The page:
TOKYO -- Japan risks running out of intensive care unit space in 43 of its 47 prefectures at the peak of the coronavirus outbreak, an analysis based on government estimates shows.
Cross-referencing the share of the population expected to develop serious COVID-19 symptoms during the peak of the pandemic with data on ICU beds from medical information company Nihon Ultmarc shows only Tokyo, Okayama, Fukuoka and Okinawa prefectures with space to spare.
Japanese hospitals have cut back on ICU space in recent years, expecting demand to fall as the population ages, because elderly patients often cannot handle the physical toll that intensive treatment takes. The virus has hit this weak point in the country's medical system.
Japan now has 5,709 ICU beds nationwide, or about five per 100,000 people -- significantly fewer than in other developed countries. The U.S. has about 35 beds per 100,000 and Germany roughly 30, according to sources including the National Center for Biotechnology Information. Italy and Spain, where the virus has been particularly deadly, have around 12 and 10, respectively.
The capacity shortfall is expected to be worst in Saitama Prefecture near Tokyo, which faces an estimated 418 serious coronavirus cases at the outbreak's peak -- 80% more than its 230 ICU beds. Nearby Kanagawa Prefecture is forecast to have 40% more patients than beds.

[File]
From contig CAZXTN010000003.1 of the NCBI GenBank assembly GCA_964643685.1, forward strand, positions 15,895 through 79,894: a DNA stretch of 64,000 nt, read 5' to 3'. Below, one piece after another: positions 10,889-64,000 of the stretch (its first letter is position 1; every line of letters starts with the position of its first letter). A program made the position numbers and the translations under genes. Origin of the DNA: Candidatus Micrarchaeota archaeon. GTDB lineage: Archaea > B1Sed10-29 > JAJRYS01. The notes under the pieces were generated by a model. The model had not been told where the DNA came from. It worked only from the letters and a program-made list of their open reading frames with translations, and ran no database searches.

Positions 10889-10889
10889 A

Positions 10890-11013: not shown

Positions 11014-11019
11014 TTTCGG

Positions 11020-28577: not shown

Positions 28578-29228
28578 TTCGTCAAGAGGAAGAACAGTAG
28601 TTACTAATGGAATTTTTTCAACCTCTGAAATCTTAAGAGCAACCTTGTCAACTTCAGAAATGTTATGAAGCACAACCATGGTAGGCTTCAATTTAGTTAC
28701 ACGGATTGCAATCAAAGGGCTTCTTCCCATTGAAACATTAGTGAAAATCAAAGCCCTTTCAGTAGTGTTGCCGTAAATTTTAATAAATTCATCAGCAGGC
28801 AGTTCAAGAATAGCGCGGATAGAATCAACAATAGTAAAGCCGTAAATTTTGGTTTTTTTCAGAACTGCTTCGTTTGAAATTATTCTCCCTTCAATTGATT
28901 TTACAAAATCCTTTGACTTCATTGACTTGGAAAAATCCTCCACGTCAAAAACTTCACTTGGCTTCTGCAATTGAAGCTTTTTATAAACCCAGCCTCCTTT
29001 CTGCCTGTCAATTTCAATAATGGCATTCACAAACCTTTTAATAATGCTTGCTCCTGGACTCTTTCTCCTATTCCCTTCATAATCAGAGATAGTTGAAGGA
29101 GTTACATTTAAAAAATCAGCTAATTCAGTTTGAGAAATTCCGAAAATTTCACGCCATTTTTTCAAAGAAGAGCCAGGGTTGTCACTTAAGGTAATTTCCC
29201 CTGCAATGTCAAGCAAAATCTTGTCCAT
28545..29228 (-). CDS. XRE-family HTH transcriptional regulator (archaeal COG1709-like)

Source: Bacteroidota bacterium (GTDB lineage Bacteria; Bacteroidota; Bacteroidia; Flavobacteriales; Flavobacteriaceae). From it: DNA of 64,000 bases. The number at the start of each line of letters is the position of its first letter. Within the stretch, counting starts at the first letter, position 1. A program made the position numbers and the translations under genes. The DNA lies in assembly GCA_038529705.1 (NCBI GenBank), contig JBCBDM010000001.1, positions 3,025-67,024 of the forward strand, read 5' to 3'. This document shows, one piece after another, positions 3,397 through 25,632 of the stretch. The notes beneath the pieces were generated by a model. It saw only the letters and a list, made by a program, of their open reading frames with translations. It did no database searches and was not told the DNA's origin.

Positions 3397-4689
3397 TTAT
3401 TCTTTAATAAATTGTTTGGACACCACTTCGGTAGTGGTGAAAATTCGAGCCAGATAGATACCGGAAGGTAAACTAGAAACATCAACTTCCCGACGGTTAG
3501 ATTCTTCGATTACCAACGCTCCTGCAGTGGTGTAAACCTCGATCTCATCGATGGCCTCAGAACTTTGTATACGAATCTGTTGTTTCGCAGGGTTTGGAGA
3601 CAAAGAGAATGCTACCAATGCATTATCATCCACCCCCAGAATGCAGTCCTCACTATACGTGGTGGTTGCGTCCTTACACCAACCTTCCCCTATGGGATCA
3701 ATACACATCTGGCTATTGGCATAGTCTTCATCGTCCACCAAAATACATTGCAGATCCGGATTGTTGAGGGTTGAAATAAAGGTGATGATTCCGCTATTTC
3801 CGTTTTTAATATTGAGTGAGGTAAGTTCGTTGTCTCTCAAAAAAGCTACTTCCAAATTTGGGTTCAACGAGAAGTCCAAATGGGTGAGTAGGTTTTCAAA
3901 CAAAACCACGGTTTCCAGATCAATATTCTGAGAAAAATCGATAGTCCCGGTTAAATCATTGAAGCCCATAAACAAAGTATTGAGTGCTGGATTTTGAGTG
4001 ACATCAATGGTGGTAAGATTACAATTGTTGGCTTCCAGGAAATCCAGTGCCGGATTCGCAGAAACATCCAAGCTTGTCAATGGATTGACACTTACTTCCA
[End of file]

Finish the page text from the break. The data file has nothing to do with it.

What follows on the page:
While Tokyo is projected to have a 65-bed buffer, it could run out if cases surge too sharply or if too many beds are being used to treat patients with other conditions.
Hospitals are short not only on ICU space, but also on specialized staff. The Japanese Society of Intensive Care Medicine had certified about 1,820 critical-care doctors as of April 2019, or an average of about three for each hospital with an ICU.
But few work in such positions full-time. In the U.S. and Europe, by contrast, intensive care specialists team with health care workers in a variety of fields to improve treatment outcomes.
Osamu Nishida, chairman of the intensive care group, cites the gap in critical-care capabilities between Germany and Italy as a factor in their sharply divergent COVID-19 mortality rates -- 1.1% and 11.7%, respectively, at the end of March.
"It has to be said that Japan's intensive care system is highly vulnerable to a pandemic," Nishida said.
The staff shortage affects hospitals' ability to use specialized equipment. Japan has about 1,400 ECMO machines, which oxygenate blood outside the body when the lungs or heart cannot fully function, but only enough trained personnel to run 300 at a time, by one estimate.
For more effective treatment, Japan will need to consider consolidating personnel and equipment at designated hospitals set aside for coronavirus patients. With the outbreak expected to peak at different times in different locations, nationwide cooperation will be vital.